Ads rarely drive purchases

Only 4.7% of Canadians cite recent ads as 'most important influence'

When it comes to encouraging purchases, advertising has the least weight, according to the latest Strategy/Decima poll.

Only 4.7% of 2,000 Canadians cited ‘recent ads’ when asked the multiple choice question, ‘Which of the following is the most important influence on your purchases?’ Price was the most popular response at 49.1%, followed by brand recognition (25.4%) and limited-time special offer or discount (15.7%), while 5.1% of participants refused to answer or didn’t know.

While agreeing the results are statistically significant, Peggy Richardson-McKee, SVP at Toronto-based Decima Research, isn’t surprised that advertising scored so low. But she suggests the numbers may be skewed since consumers ‘don’t like to admit that advertising has an effect on them.’

‘The question is also fairly broad and you don’t know which category they’re thinking about. There’s a lot of difference between buying a coffee versus buying a car.’

Philippe Garneau, partner and executive CD at Toronto-based brand consultancy GWP Brand Engineering, agrees and points out that, regardless of what they say, consumers are impacted by all of these components together. The fact that brand recognition also scored lower than expected is misleading, he adds.

This is because ‘a purchase is never the result of seeing an ad,’ but rather a combination of a series of events. Explains Garneau: ‘You have to have heard of the brand, it has to have been endorsed in your own mind, and you have to have found it at a credible retailer. Then there’s word of mouth, there’s all these other things.

‘The fact of the matter is that brands do matter to people, but they’re going to tell you that what really made them move was a rational proposition – that it was good value for the money at the right time. They’re never going to admit to having bitten on those shiny hooks known as brands.’

However, Garneau was a bit more concerned about the results of a second question that asked, ‘Have you ever decided not to purchase a brand because of annoying or misleading advertising?’ Forty-seven per cent answered yes, compared to 51% who said no.

‘It was higher than I would have thought, but I think it’s also part of the fact that you get social points for being offended by advertising,’ he says, adding that this is particularly true among higher-income, higher-educated consumers who may have read Naomi Klein’s No Logo, or taken media studies in university.

Certainly, the likelihood that consumers were turned off by advertising grew with household income and education. More than 57% of Canadians in the $100,000-plus range answered affirmatively, as did 60.3% of those with a post-secondary degree, compared to 41.3% of consumers with household incomes under $40,000 and 36.3% of those with a high school education.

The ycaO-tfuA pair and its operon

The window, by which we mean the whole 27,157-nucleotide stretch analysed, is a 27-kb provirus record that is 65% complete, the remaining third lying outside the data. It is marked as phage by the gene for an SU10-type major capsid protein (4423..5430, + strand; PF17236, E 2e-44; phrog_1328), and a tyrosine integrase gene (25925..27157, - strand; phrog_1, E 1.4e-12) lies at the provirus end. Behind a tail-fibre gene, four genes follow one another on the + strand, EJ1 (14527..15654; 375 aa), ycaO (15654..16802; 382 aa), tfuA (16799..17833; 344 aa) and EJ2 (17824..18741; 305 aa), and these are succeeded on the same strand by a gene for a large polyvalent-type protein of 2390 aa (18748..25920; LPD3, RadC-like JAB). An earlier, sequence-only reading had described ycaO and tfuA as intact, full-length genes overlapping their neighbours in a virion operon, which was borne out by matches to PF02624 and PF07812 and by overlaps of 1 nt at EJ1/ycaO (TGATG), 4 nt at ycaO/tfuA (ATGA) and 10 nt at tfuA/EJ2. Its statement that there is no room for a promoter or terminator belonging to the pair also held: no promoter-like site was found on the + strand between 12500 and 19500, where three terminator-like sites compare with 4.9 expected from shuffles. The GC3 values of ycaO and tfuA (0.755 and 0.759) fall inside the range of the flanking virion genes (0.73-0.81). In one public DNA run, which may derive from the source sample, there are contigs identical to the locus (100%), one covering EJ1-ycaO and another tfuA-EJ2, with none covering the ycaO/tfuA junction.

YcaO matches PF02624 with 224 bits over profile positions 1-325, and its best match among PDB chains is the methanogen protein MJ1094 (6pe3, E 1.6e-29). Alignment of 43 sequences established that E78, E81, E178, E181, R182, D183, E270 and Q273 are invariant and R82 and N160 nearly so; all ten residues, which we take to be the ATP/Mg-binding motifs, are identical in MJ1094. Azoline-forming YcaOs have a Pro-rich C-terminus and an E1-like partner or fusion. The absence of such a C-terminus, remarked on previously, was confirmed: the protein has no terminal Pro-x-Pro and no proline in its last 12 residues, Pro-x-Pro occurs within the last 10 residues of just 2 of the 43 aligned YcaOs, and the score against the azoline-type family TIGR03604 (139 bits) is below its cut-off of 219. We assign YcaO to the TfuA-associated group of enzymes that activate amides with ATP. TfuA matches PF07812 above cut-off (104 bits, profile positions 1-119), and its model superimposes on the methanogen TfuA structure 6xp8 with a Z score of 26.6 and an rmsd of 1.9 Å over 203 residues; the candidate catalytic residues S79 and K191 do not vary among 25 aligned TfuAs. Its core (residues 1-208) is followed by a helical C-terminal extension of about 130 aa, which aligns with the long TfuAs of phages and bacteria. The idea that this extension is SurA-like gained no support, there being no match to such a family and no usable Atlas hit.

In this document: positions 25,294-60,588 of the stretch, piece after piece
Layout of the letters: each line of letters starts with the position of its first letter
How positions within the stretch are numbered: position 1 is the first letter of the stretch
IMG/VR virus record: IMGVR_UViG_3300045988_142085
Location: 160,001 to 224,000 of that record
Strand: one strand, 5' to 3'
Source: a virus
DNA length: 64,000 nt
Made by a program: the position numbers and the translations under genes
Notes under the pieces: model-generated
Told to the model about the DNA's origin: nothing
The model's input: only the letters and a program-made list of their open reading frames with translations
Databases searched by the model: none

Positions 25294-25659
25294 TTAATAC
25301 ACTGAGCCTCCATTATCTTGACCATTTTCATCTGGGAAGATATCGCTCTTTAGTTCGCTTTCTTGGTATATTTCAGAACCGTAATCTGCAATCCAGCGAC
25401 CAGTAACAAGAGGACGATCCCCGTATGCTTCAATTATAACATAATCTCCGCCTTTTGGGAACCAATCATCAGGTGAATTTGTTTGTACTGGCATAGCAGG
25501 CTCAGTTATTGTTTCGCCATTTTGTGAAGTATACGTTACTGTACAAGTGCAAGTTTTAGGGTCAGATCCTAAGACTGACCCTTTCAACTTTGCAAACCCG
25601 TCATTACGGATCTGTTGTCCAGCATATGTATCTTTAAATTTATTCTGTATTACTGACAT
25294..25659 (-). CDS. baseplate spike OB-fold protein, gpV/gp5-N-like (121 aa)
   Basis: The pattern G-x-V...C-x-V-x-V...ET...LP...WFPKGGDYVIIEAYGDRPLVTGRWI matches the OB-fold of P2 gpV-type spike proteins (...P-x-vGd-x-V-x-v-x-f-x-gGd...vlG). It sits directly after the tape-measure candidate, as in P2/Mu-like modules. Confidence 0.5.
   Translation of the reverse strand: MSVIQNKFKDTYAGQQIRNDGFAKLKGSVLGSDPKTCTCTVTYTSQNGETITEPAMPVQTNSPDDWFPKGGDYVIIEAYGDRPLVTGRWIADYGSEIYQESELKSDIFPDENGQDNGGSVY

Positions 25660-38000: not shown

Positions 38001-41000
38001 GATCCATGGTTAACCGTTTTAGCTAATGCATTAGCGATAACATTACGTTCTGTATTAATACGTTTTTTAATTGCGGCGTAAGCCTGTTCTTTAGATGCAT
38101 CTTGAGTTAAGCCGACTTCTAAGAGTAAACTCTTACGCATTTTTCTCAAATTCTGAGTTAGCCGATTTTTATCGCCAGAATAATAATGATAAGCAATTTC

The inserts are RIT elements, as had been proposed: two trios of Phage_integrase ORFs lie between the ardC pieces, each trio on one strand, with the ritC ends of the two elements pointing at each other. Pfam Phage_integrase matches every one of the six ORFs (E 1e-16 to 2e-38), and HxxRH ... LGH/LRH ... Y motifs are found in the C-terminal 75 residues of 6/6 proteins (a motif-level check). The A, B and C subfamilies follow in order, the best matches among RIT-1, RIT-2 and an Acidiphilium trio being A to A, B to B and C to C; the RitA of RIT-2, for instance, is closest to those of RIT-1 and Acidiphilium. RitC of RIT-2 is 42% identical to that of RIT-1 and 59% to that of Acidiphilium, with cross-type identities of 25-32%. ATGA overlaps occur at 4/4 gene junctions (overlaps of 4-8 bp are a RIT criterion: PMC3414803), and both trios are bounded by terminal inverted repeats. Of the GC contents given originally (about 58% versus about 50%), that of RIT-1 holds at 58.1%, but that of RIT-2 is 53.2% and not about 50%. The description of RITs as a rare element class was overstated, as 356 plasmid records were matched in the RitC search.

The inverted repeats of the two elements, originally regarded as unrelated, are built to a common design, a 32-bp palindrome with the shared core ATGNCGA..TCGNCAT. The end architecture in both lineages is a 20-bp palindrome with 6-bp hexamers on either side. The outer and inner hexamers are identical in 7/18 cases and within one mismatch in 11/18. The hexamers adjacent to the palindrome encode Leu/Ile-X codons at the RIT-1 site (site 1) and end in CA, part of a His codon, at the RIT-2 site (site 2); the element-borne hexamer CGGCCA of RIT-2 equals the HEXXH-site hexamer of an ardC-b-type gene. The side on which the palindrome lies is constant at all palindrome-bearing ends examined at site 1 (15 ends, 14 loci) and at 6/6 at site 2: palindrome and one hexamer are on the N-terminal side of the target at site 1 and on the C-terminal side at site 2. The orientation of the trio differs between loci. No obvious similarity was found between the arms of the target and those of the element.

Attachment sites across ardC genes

Garneau thinks most respondents likely equated the synonyms ‘annoying or misleading’ with ‘offensive,’ and that they were probably never intended as the target audience for the offending spots anyway. But that’s not to say marketers should completely discount the results; they should consider the risks when they push the boundaries of taste.

He adds: ‘So many crimes get committed in our industry for the sake of awareness and you can’t take awareness to the bank. Some of these people who make ads that offend people do so very much at their own peril.’

For both questions, significant disparities were noted by region, age and household income. Of course, the power of price lessens as household incomes climb, but surprisingly, price was more frequently cited by younger consumers in the 18-to-24 (51%) and 25-to-34 ranges (57.1%), versus older Canadians in the 45-to-54 (47.8%) and the 55+ (42.1%) demos.

Perhaps one explanation is that brand recognition appears to have its biggest influence on the baby boomer set, with 27.3% of 35-to-44s and 28.6% of 45-to-54s admitting so. Brand recognition also increases in significance with income and education. Meanwhile, recent ads had the biggest effect on those in the coveted 18-to-24 age demo at 6%, which makes sense considering the amount of messaging that targets youth. But oddly, the supposedly neglected 55+ consumer group had the second-highest tendency to choose recent ads, at 5.7%.

Interestingly, on the second question, the affluent baby boomers were most likely to punish brands for poor advertising with 51.8% of 35-to-44s and 50.7% of 45-to-54s answering affirmatively, compared to only 42.5% of 25-to-34s.

Garneau isn’t the least bit taken aback by this discovery. ‘The middle-aged person has suddenly gone from being hip and cool to being a parent. We’re seeing ads [from youth-oriented brands] that reject adult authority and spit in the face of convention. These consumers are in a difficult place – they are not ready to buy those products for their kids, and are offended by the messages.’

However, the point is that they likely would have never purchased the stuff anyway.

Decima conducted this poll on behalf of Strategy via its monthly telephone omnibus, for which data was collected from 2,000 consumers between Jan 15 and Jan 25. Each month a random sample is generated and quotas for each region are disproportionately allocated. The data is weighted in tabulation to replicate actual population distribution by age and sex within regions, according to census data.

For more information, contact Decima Research at (416) 962-2013.